One of the things that makes Truck Camper Adventure different from the competition is our preference for owner reviews. This approach helps ensure an independent voice and that our reviews aren’t bought and paid for. The latest review comes from Scott Sichler who has written several reviews and articles previously for Winnebago and Xscapers. In his review of the Northstar 850SC, Scott pulls no punches on what he likes and doesn’t like about the slide-in pop-up. We hope you enjoy it.
From Motorhome to Truck Camper
We have been RVing in Baja, Mexico since 2016 and enjoy staying there each year. But the size and length of our Winnebago motorhome and Jeep Wrangler was always a concern. We love Baja, and even bought a one bedroom Casita in Mulege with an RV pad, but didn’t love driving our 8.5-foot wide RV down the narrow, winding roads of the Baja peninsula with a Jeep in tow. In all, the total length of the pair was a whopping 56 feet.
Last year, we left the “Bago” behind and took a road trip with our Jeep and camping gear to some more remote locations in Baja California Sur. The highlight of the trip was a week in the little fishing village of Agua Verde. During our almost perfect—I say almost because our tent was almost blown over one night—we met a couple on the beach with a Hallmark pop-up camper and got a chance to tour their rig and talk to them about their travels. That chance meetup had a big impact on the two of us. While we both loved our Bago, we were ready to downsize and change things up.
When we got back from Baja, we started researching pop-up campers. The Hallmark we looked at turned out to be a little out of our budget, and had a long wait-time to delivery. On the other hand, the Northstar 850SC had similar features like a north-south bed, cassette toilet, and layout, with a good reputation for quality, but at a lower price point. The pandemic made it a bit tricky to find a camper, but we managed to put a refundable deposit down on one that had been allocated to a dealer for delivery in the summer of 2022. During our wait, an almost new 2021 model with most of the options we had ordered turned-up for sale on RVTrader in Austin, Texas, near where my wife’s father lived. He inspected it for us and reported that it was in excellent condition as specified in the listing. We were still in Baja at the time, but we wired him the money and had him purchase it before it was sold to another eager buyer.
Then came the truck. The year 2022 proved to be challenging for truck buying with sky-high used prices and supply chain shortages affecting new inventory. In the spring, we finally decided on ordering a 4×4 crew cab Ram 2500 with the gas 6.4L engine through a dealer in Oregon. As optioned, the truck provides a GVWR of 10,000 pounds and a payload of 3,238 pounds, which is more than enough for our Northstar 850SC pop-up. In order to carry the camper, we added TorkLift tie-downs and Fastgun turnbuckles, and a set of air bags to keep the rig level.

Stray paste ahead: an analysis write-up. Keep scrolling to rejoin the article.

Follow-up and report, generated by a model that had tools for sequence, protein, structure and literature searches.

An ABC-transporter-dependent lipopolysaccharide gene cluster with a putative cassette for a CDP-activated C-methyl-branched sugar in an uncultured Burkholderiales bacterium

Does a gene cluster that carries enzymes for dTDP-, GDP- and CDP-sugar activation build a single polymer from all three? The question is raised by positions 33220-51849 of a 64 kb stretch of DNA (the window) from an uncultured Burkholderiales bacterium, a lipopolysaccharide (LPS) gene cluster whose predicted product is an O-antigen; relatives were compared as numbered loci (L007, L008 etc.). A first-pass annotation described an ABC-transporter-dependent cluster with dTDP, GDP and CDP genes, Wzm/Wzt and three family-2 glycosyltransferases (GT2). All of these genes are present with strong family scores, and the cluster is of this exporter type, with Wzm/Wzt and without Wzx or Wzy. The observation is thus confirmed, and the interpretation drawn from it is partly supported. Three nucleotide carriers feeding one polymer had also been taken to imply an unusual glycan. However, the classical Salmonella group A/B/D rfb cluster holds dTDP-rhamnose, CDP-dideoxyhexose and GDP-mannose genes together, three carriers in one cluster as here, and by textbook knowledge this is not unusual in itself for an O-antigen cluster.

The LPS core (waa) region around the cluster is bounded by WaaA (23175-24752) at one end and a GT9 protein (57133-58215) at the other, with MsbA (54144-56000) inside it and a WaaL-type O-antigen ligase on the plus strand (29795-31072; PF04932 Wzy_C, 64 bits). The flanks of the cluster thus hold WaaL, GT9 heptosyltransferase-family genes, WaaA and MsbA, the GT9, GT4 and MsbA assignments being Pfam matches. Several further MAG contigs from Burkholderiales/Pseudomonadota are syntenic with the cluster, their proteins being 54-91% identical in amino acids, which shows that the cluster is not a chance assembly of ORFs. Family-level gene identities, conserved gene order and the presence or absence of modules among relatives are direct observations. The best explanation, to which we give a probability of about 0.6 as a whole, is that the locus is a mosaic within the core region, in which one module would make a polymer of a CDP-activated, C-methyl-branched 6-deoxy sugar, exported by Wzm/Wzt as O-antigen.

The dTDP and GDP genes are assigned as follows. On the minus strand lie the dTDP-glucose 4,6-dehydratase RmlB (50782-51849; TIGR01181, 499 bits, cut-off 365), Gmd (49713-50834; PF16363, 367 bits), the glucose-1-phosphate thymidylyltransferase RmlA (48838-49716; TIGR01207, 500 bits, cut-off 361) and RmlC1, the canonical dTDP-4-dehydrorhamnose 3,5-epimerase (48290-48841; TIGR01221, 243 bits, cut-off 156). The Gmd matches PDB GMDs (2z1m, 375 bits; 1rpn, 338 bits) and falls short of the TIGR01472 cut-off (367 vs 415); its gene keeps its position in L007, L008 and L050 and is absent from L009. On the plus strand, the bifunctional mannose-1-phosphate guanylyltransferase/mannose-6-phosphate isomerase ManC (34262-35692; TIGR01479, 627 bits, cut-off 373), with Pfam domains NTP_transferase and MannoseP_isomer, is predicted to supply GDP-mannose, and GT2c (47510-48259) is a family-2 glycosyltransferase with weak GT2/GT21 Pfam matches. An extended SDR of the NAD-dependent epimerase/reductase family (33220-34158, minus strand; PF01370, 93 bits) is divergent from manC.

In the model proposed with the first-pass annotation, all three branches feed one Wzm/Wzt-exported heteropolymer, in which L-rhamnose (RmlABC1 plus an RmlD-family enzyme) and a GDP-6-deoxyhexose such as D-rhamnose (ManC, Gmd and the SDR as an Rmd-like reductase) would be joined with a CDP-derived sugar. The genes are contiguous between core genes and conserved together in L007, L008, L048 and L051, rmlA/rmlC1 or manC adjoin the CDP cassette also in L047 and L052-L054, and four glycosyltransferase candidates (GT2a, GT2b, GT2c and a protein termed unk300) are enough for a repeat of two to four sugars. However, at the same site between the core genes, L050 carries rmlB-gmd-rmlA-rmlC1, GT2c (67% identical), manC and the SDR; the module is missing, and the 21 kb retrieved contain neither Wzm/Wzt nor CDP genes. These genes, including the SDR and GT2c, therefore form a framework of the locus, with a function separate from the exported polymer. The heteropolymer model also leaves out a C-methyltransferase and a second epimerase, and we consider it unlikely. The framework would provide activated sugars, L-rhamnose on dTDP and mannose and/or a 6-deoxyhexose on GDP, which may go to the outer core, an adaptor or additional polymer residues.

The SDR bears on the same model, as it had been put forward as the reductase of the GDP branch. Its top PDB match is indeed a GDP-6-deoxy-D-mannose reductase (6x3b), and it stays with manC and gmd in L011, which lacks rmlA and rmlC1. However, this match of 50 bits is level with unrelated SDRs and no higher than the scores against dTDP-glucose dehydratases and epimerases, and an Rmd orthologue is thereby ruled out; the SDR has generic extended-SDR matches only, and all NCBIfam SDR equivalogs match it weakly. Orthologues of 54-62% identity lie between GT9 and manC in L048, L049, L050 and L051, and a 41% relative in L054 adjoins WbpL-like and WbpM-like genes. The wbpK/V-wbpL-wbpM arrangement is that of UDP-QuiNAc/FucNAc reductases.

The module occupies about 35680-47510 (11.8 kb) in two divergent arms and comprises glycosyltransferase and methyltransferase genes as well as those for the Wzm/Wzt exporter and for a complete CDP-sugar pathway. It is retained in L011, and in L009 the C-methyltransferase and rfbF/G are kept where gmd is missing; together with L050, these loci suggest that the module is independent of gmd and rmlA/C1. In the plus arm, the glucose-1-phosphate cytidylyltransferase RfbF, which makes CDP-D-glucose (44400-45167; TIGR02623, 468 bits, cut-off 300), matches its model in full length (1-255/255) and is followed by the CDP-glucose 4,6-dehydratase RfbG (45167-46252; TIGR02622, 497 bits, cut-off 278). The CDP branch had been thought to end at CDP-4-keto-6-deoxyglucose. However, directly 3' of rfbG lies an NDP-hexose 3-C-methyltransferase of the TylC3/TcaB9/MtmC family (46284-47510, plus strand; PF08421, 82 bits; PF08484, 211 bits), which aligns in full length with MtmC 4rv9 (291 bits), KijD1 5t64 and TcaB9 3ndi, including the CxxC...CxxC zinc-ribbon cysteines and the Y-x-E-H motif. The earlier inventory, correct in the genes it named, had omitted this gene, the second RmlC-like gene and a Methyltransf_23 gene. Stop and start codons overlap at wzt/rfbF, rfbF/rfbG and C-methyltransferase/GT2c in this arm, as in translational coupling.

Northstar 850SC Exterior
Let’s start with the Northstar 850SC exterior. Ours came with the factory installed options of a rear awning, electric jacks, and detachable wrap around rear with two storage bins for short bed trucks. The 6-foot Fiamma roll-out rear awning is great in theory, but turns out to be a two-person operation best suited for two NBA centers or when the camper is on the ground. The storage bins are small (especially when compared to our cavernous Winnebago), but are actually very usable with a few tips from our “vanlife” friends like getting a collapsible water hose. We also built a shelf in the back seat of our truck for extra storage. The other feature we really like is the outside shower. Northstar provides a hose and we bought an adjustable garden nozzle that works great on shower mode for spraying-off sandy feet or taking a quick, save-the-grey-tank-shower outside.
Northstar 850SC Specifications
Prospective buyers of the Northstar 850SC will want to take a close look at the specifications and options to see if the camper will work with their truck. For short-bed trucks, a “detachable wrap” option provides welcome storage boxes in the side skirts. With this option, the Northstar 850SC will fit a standard short-bed truck, but the storage boxes can be removed in the future to fit a long-bed truck. Northstar is actually one of the few companies to offer this excellent feature and they should be commended for it. Unfortunately, long-bed truck owners do not have the outside storage boxes.
With a wood frame, the Northstar 850SC is well-built, but it’s not exactly light. The official dry weight is 1,785 pounds, which is a low enough number, yet the official manufacturer sticker lists the wet weight as 2,375 pounds with standard equipment, 30 gallons of water, one 20-pound propane tank, and a 3.7 cubic foot refrigerator. Our options weigh around 241 pounds, so overall, the weight is well-suited for our 3/4-ton truck with plenty of payload to spare.
Northstar 850SC Interior
As you pass through the hobbit-size door, the wet-bath is on the right. A half-wall separates the wet-bath from the rest of the camper with a curtain for privacy. The 5-gallon Thetford cassette toilet works well for two people. The cassette probably weighs about 40 pounds full, yet is pretty convenient to empty into a standard toilet or one of the nasty Baja pit toilets we wouldn’t want to use. Most of the places we camped at on the beach in Baja didn’t have a dump station, but did have some kind of bathroom where you could dump the cassette. The shower part of the wet-bath is okay once you remove the floor section, and put up an extra curtain over the door. In warmer weather, we actually prefer using the outdoor shower.
The kitchen, of course, is small yet functional. Storage is adequate with some major downsizing and our camper came with optional overhead cabinets above the kitchen and dinette, which are very nice to have. The camper came with an upgraded sink with glass cover, dish rack and tub. Fellow Northstar owners raved about this option, but we found it to be a bit gimmicky and not very useful because it took up precious counter space due to the location of the faucet. The tub and micro dish rack eventually found their way into storage.